Reuters: European Union foreign policy chief Javier Solana raised the prospect of imposing targeted sanctions on Iran over its nuclear programme for the first time on Friday. VIENNA, March 10 (Reuters) – European Union foreign policy chief Javier Solana raised the prospect of imposing targeted sanctions on Iran over its nuclear programme for the first time on Friday.
In an interview with the Austrian daily Der Standard, published as EU foreign ministers were to begin a two-day meeting in Salzburg, Solana said he did not rule out sanctions at a later stage if Tehran fails to allay concerns it wants nuclear weapons.
The U.N. Security Council is due to take up Iran’s case after an International Atomic Energy Agency (IAEA) board of governors meeting ended on Wednesday without an agreement among key powers on defusing the standoff.
Ambassadors from permanent council members — the United States, Britain, France, Russia and China — meet again on Friday to work out a statement the Western powers hope will be adopted by the 15 Security Council members next week.
“I do not rule out sanctions, but it depends on what kind of sanctions they are,” Solana was quoted as saying, his first explicit mention of sanctions against Iran.
“We certainly do not want to hurt the Iranian people,” he added. “It won’t be easy for the Security Council.”
The EU, led by France, Britain and Germany, started talks with Iran 2-1/2 years ago in the hope of convincing it to scrap uranium enrichment, which can produce fuel for power plants or weapons, for economic and political incentives.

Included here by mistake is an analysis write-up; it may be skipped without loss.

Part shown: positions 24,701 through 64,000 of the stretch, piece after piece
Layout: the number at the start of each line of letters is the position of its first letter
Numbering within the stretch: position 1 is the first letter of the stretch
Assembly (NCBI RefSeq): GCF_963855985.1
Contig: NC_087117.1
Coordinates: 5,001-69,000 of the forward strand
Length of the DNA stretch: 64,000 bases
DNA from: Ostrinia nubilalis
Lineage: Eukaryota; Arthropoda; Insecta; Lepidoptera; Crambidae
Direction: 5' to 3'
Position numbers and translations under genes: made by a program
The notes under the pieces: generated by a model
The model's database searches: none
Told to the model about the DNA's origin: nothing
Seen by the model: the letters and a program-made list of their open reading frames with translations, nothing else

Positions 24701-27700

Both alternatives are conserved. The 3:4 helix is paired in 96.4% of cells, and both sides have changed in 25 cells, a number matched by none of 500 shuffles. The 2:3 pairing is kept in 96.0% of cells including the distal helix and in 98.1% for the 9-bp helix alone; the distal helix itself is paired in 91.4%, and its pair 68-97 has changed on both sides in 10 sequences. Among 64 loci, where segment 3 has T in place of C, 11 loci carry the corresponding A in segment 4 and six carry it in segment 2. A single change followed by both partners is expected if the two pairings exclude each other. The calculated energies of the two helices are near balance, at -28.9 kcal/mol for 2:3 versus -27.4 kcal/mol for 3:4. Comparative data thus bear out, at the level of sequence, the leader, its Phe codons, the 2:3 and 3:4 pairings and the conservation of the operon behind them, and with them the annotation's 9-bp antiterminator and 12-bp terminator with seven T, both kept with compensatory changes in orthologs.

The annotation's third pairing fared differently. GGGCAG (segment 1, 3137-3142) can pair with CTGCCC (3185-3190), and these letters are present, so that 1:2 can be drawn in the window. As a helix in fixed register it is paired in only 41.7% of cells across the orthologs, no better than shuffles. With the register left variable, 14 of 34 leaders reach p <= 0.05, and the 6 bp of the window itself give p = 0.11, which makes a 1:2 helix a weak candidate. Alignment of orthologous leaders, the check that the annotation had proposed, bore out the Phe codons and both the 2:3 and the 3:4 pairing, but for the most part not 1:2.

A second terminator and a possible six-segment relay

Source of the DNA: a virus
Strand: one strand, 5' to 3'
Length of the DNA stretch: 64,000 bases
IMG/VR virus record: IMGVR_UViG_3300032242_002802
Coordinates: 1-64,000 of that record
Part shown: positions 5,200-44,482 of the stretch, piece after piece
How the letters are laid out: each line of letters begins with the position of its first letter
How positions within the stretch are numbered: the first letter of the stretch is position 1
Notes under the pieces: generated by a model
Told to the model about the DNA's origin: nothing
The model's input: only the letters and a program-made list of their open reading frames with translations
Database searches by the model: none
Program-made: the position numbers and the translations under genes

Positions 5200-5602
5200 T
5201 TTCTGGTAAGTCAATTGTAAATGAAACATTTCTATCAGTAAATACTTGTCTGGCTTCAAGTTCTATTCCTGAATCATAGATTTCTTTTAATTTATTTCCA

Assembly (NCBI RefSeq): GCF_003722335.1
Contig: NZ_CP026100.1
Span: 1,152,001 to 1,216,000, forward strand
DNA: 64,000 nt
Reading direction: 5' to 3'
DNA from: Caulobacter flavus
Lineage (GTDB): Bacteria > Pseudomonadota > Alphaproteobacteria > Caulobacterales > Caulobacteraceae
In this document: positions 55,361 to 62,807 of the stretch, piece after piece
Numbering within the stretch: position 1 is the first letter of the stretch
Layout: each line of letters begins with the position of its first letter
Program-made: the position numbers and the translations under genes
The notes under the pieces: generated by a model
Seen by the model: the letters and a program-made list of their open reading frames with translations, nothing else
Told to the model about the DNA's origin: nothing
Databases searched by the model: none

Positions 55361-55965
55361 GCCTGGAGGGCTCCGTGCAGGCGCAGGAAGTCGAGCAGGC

Those talks collapsed in August after Iran broke a suspension of enrichment-related work by resuming uranium processing, and a last-gasp meeting between the two sides a week ago failed to produce an agreement.
But diplomats say EU foreign ministers have so far had no discussion of imposing sanctions against Iran, the world’s fourth biggest oil exporter, and it was not certain they would debate the issue at their informal session in Salzburg.
Iran says it only wants nuclear technology to generate electricity.
“The Security Council will work on a presidential statement which confirms once again the authority of the (IAEA). The discussion must begin now,” Solana was quoted as saying.
“Sanctions of some kind may not be ruled out at a later stage. Let us see what the Security Council will do. We must weigh all the options,” he added.
French Foreign Minister Philippe Douste-Blazy said on Friday that France was looking for a political solution to the nuclear dispute with Iran rather than seeking to punish Tehran.
“Our goal is political, not at all punitive,” he told RTL radio when asked whether France backed U.S. demands that the Security Council consider sanctions.